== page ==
“Factortame and EOC? demonstrate
what may be described as a devolution of legislative power to Europe, this is
no true devolution of sovereignty. In legal (though certainly not political)
terms, the organs of European legislation may in truth be described, for so
long as the Act of 1972 remains on the statute book, as Parliament’s delegates;
the law of Europe is not a higher-order law, because the limits which for the
time being it sets to the power of Parliament are at the grace of Parliament
itself.”

This stance, effectively
resting on the presumption that Parliament possesses the power to repeal the
ECA through express provision, is distinctly one-eyed in its failure to
comment, as Wade does, on the constitutional implications of subservience
during the period of membership. For, while ‘eschatologically the existence of
this power of repeal was true in the sense that Parliament would not be
deprived of its ultimate power to repeal the Act of 1972’3, this was not the concern
of MP’s; instead they were concerned with the real world implications for
Parliament passing legislation. In this regard, the contemporary government’s
assurances that sovereignty would not be ceded were true in an irrelevant sense
but not the relevant sense.4 Indeed, the practical
limitations of the situation created by ECA 1972 are obvious in that, for as
long as parliament agreed to its terms, it’s ability to pass domestic
legislation in the omnipotent, Diceyan understanding was clearly fettered.
Considered in light of the analogy offered by Vernon Bogdanor that ‘If I volunteer to surrender my
freedom with the proviso that I can at any time break free of my chains, it
would be odd to say that my freedom has not really been curtailed during the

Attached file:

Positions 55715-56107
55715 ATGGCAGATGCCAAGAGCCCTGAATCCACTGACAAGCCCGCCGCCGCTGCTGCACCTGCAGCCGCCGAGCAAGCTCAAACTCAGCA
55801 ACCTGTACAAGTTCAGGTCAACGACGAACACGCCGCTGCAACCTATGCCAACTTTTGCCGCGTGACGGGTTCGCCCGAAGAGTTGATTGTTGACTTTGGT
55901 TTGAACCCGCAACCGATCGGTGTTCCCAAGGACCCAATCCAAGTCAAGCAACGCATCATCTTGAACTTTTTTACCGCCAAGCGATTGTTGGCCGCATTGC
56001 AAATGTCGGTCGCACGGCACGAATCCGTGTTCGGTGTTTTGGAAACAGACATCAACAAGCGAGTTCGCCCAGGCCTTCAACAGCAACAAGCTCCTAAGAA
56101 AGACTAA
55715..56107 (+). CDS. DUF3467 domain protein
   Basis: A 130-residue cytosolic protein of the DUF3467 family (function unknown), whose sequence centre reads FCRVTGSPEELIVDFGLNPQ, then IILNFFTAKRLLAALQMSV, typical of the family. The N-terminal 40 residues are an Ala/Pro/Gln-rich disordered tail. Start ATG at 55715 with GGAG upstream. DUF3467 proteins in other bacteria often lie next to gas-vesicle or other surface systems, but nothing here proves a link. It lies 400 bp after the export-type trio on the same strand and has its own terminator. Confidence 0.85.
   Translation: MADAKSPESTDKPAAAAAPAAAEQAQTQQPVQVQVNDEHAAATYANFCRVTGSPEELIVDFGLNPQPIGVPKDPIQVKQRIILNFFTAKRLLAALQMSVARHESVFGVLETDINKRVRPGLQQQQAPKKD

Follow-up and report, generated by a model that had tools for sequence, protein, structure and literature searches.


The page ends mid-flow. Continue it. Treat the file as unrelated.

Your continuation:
period in which it is surrendered,’5
the construction camp may be seen too readily to turn a blind eye to practical
reality in their defence of the orthodoxy.

This is
crucial. The construction view, whilst correct in its assertion that domestic
law ultimately remains the authority by which EU law was incorporated, and by
implication is able to undo any such change, is reductive in its treatment of
the tangible influence of EU legislation, regardless of the fact that this
change was consensual. An examination of what the law is should necessarily
concern itself with what can and cannot be done in the moment at which it is
enacted, and an argument which seems to rely primarily on semantics as to ‘who
has the last say’ runs the risk of reducing sovereignty to an academic
plaything.

 

To a great
extent Factortame generated more questions than answers given that it concluded
on the paradoxical note that Parliament had managed to elevate EU law above its
own enactments with no real reconciliation to speak of. It is tempting on the
basis of this case alone to side with the account given by Wade which
ultimately categorises the recognition that EC law has overriding force as the
political response of national courts to the reality of EU membership.6  Yet an analysis of Thoburn will show that the
conclusion Wade reaches is problematic and distracts from a more textured mid-point
between irreconcilable ‘revolution’ and salvation of the orthodoxy.

 

The judgment in Thoburn was significant in its
treatment of implied repeal, a concept which held central focus because of the
conflict between S. 1(1) Weights and measures Act 1985 and the Units of Measurement
Regulations 1994 (made under section 2(2) of the European Communities Act 1972). The ratio in such cases as Vauxhall Estates Ltd
v Liverpool Corporation and Ellen Street Estates v Minister of Health are